In its first term, the George W. Bush presidency was marked by a series of tradeoffs. It traded the capture of a man who organized the flying of planes into the World Trade Center three-and-a-half years ago for the capture of Saddam Hussein, a man who did not. It traded saving billions of dollars that have since been squandered for giving tax cuts to the wealthy.
It traded a well-reasoned war in Afghanistan for a poorly reasoned one in Iraq.
The only thing the administration didn’t attempt to trade was credibility, which remained at a constant level of zero.
Many Americans expect the Bush administration’s luck to run out and for it to finally succumb to the dreaded “second-term curse” that has plagued past presidents fortunate enough to get re-elected.
For once I have good news for conservatives: don’t worry, this man is untouchable.
Bush has managed to get re-elected despite a miserable economic record (usually the deciding factor in national elections), a dismal approval rating (he became the first president ever to go into election day with a rating below 50 percent and emerge victorious) and astronomically high record deficits that make Ronald Reagan look like a miser.
He did this while receiving more votes than any previous president.
In addition to its poor track record, the Bush administration is among the most corrupt in our nation’s history.
Despite this, it has not caught any hell for its deceit, its complete lack of accountability and for the needless loss of life that occurred under Bush’s watch. Right-wingers should feel free to sit back and relax – their man is the new Teflon president.
If history is any indication, Bush’s second term will be even more corrupt than his first.
Ulysses S. Grant, our nation’s 18th president, saw his second term ravaged by scandal and the appointment of two attorneys general in addition to the three that had served during his first term.
Richard Nixon’s legacy speaks mightily of the second-term curse. News of the Watergate scandal broke during his second term.
After the famed “Saturday Night Massacre,” in which he twice attempted to fire the special prosecutor that was investigating him, he was ultimately forced to resign in disgrace.
Yet even Watergate pales in comparison to the corruption that took place during the second term of Ronald Reagan’s presidency. Fresh off a big election victory, the Reagan administration gave birth to the notorious Iran-Contra scandal.
Iraq, then our ally, was at war with Ayatollah-led Iran from 1980 to 1988. A hemisphere away, U.S.-backed Contras challenged Marxist Sandinistas in Nicaragua.
Earlier in the decade, Congress had passed the Boland Amendment, which disallowed government aid to the Contras.
Apparently, nobody bothered to tell this to National Security Council staffer Lt. Col. Oliver North, National Security Advisor Robert “Bud” McFarlane and a select group of other administration officials who diverted money to the very same Contras Congress had told them not to assist.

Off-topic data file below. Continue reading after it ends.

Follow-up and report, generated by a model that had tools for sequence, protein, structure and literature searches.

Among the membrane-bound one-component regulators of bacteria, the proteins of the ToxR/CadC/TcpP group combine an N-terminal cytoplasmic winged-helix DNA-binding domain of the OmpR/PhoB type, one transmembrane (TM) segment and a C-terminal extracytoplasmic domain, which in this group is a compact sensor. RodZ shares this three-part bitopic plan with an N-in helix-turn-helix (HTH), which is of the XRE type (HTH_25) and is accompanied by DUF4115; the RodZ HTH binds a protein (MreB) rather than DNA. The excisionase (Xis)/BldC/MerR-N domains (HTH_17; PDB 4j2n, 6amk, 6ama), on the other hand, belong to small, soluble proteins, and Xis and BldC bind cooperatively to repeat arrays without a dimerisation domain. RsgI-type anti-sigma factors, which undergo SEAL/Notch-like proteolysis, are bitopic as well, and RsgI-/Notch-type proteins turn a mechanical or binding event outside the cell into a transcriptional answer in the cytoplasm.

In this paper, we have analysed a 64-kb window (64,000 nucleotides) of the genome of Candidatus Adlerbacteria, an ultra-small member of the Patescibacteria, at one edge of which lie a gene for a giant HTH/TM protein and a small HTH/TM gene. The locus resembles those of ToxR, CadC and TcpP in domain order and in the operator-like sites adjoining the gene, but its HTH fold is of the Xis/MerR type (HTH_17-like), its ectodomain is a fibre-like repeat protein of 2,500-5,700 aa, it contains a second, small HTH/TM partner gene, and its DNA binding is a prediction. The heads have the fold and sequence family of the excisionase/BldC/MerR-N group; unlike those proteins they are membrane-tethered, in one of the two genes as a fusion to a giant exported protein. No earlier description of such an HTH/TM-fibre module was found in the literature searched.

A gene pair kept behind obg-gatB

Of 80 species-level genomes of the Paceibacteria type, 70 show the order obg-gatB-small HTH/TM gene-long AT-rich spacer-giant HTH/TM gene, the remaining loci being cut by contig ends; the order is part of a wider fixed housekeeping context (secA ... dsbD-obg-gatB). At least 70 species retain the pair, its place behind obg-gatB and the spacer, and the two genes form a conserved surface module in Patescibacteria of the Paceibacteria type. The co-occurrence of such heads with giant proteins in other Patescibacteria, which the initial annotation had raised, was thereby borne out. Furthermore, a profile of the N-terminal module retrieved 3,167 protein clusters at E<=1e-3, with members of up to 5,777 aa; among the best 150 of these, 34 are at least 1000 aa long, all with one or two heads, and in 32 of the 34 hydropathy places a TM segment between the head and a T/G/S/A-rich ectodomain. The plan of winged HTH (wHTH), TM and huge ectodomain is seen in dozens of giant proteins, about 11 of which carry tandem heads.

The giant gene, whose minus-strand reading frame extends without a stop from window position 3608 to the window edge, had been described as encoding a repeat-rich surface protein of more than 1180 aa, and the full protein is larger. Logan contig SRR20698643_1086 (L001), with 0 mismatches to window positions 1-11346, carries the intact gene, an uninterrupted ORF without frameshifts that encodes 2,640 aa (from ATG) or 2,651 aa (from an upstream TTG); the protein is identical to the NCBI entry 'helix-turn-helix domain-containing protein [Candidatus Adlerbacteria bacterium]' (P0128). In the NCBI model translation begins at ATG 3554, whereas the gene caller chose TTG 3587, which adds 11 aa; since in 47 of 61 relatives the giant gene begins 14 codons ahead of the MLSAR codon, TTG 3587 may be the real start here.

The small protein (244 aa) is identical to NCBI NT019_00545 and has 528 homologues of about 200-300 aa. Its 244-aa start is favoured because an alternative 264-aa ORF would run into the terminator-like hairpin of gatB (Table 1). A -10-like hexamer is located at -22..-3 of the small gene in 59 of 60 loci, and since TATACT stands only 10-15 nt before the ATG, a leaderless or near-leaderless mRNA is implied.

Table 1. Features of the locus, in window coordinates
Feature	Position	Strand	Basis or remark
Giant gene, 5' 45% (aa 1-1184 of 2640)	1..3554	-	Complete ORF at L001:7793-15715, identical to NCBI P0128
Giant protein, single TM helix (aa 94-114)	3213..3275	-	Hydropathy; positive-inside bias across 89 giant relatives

The scheme unfolded as follows. First, North and others used secret liaisons in Israel to contact Iranian officials, offering to sell U.S. missiles and weapons systems to the Iranians. The money from the weapons sales was then filtered to the Contras in violation of the Boland Amendment.
Not only did this devious plot deceive unsuspecting Americans, but it also broke numerous laws by engaging in trade with a terrorist nation.
North and the others involved in the dishonest ploy were tried and convicted but later had their convictions overturned on testimonial technicalities.
While they created a shield of plausible deniability that protected Reagan from facing criminal charges, their actions greatly tarnished the president’s legacy.
Until now, no president has been immune from the curse. Woodrow Wilson saw his legacy as defender of democracy stained when he failed to gain support for the League of Nations during his second term.
Bill Clinton’s legacy as a popular moderate and a champion of free trade got roughed up during his second term because he was a lousy family man.
Clinton’s impeachment then set the stage for Bush’s victory over Al Gore and the scandals that plagued Bush’s cabinet.
On Mar. 3, 2003, Secretary of State Colin Powell sat before the United Nations and lied to the member nations for several hours about the existence of weapons of mass destruction. He is no longer serving, yet his resignation has nothing to do with being held accountable for his deceit.
In four years as attorney general, John Ashcroft infringed on countless civil liberties. He oversaw the roundup of more terror suspects – over 5,000 foreign nationals – than any other attorney general in history. Despite this, he failed to produce a single conviction that proved a terrorist conspiracy.
Not surprisingly, he was allowed to step down without paying any kind of price.
On Nov. 2, much of the world’s population groaned as America elected Bush to a second term. Now that we’re stuck with him, the least we can do is hold him accountable before the scandals spiral out of control.